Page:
Meet the Robot A-Team that will be vital to the future of offshore wind and Net Zero
Thales innovation at the heart of robot wind farm team
Thales has been at the heart of one of the UK’s most ambitious robotics projects to prove the concept for robotic teams repairing offshore wind farms.
Led by the Offshore Renewable Energy (ORE) Catapult, the project paves the way for human-robot teams at wind farms within 10 years and wind farms designed for robotic maintenance by 2050 – a scenario that will be vital to the UK achieving its net-zero ambitions.
The two-year £4 million MIMRee project, funded by Innovate UK, has just concluded this month and the team – drawn from industry and academia - say they have successfully proven and demonstrated the core technologies at the heart of the concept.
Under the MIMRee scenario, a Thales autonomous mothership called Halcyon detects defects on wind turbine blades using an onboard camera inspection system that can scan the structure of blades while they are still turning at up to 200mph at their tips. The mothership then signals the blades to stop and launches a specially adapted drone that can transport a six-legged ‘blade crawler’ onto them to carry out the repairs.
Technology from Glasgow
The onboard Moving Wind Turbine Inspection System was developed out of Glasgow and incorporates world leading optronic technology currently used on submarines, tanks and armoured vehicles.
Barry Connor, Innovation & Technology Manager for Optronics, said: “Using Thales’ experience in stabilising systems in harsh environments, the moving wind turbine blade camera system is able to overcome wave motion and take stable, multiple images of the turning blades from 100 metres away and detect defects such as cracks, erosion or lightning strikes.”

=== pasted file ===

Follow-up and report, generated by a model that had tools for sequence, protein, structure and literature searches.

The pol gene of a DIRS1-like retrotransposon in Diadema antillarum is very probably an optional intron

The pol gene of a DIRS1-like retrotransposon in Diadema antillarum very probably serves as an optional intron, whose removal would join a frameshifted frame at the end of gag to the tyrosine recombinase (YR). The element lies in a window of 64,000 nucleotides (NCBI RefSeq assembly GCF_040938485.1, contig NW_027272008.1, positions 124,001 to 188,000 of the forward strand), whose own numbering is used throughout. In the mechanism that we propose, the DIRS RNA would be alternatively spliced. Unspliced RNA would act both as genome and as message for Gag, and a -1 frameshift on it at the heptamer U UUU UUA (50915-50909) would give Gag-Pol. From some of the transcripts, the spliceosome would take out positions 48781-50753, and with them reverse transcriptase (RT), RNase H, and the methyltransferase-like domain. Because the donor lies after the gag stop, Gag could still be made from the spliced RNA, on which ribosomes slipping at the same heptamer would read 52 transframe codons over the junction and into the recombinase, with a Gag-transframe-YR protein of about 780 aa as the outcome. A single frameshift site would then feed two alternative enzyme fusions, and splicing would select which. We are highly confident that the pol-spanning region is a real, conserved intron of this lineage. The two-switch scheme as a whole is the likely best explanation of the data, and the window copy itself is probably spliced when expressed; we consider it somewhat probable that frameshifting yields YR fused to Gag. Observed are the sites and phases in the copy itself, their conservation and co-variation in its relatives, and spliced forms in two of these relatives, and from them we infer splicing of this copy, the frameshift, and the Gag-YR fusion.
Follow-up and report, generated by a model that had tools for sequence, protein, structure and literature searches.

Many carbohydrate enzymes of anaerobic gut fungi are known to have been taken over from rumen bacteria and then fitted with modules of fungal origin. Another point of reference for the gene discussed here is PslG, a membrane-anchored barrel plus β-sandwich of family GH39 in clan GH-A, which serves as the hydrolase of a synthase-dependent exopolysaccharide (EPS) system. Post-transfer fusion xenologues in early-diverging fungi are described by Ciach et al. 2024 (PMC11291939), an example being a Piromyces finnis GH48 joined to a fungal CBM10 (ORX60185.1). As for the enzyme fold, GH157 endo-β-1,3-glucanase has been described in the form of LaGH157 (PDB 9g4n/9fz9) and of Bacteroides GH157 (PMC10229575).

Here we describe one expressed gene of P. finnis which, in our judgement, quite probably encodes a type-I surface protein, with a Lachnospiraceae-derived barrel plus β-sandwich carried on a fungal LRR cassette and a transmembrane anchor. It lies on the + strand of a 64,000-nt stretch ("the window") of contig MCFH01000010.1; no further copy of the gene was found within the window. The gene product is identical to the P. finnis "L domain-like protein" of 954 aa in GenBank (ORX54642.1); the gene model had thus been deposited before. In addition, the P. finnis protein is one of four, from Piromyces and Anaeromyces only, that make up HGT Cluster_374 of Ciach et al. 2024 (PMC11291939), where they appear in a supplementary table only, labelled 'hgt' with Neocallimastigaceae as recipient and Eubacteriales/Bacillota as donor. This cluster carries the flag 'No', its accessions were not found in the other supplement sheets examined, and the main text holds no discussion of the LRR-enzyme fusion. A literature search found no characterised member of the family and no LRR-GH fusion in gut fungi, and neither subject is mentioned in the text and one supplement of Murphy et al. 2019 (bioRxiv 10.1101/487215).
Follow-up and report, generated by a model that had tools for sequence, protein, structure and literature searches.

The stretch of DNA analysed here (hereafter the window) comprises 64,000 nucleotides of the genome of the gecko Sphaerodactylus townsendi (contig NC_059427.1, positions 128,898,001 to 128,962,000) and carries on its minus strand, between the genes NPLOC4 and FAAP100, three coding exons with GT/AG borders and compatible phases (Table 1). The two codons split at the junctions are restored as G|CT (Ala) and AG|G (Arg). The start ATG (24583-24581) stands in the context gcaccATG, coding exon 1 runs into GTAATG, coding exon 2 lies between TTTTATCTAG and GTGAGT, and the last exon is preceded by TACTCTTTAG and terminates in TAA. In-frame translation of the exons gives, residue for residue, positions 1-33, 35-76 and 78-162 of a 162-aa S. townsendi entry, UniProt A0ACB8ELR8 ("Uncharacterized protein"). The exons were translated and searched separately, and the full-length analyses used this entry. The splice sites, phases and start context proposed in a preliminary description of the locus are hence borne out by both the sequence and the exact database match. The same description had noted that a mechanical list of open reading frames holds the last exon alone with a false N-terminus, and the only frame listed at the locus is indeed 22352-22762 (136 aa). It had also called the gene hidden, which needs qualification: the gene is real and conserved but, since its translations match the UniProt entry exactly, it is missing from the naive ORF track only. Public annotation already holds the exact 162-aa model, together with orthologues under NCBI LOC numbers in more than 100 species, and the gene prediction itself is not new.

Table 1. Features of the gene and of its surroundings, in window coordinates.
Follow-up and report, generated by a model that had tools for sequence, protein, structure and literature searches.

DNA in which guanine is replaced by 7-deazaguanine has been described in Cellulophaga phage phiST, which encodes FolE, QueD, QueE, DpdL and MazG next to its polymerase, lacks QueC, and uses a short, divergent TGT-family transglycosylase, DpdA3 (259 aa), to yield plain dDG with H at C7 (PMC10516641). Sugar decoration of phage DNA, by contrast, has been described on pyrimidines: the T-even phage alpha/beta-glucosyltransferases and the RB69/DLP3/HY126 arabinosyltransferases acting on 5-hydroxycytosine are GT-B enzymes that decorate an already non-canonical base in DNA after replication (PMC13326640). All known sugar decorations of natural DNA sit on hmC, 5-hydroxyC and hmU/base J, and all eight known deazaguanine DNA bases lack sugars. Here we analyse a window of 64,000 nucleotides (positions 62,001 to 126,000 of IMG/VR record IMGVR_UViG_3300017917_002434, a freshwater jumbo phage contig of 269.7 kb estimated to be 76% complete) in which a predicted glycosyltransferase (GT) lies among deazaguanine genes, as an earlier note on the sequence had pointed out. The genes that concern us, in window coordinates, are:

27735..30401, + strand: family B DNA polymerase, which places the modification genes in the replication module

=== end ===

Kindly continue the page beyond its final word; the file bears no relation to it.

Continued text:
“The system uses an electro optic system with AI processing to detect defects on the blades without interfering with wind turbine operations.“
“The stabilising capability and sensor technology used are derived from technological solutions to stop swaying imagery on optronic masts fitted to the Royal Navy Astute Class submarine or cameras fitted to the Challenger tank.”
Inspired by space missions
The project’s inspiration was drawn from space exploration, the epitome of an extreme environment. Professor Sara Bernardini, from Royal Holloway, The University of London, previously worked on mission planning for space operations with NASA, developed the AI system that controls how the MIMRee robots work together and communicate with humans.
She said: “Space provides a good example of humans working with robots. The current Mars exploration programme uses a team of robots - from helicopters to rovers - that can withstand extreme conditions. Astronauts are deployed selectively, where human ingenuity is most needed and risk to life is lowest. Likewise, future offshore work will be about humans being in the control room, developing and managing robotics and learning the skills required to work in teams with them.”
Dr Paul Gosling, Chief Technical Officer for Thales in the UK, said: “Increasingly we are seeing the technologies around robotics, autonomy sensing and AI providing solutions enabling activities involving harsh environments to be undertaken using unmanned systems.
“The MIMRee work is a perfect example of a UK team of experts using this evolving technology to benefit society and the environment in the future. I am delighted Thales was able to contribute its expertise in the form of the autonomous mothership, camera sensing and AI technology to make this activity a success.”
Other team members include Plant Integrity, Wootzano, University of Bristol, University of Manchester and The Royal College of Art.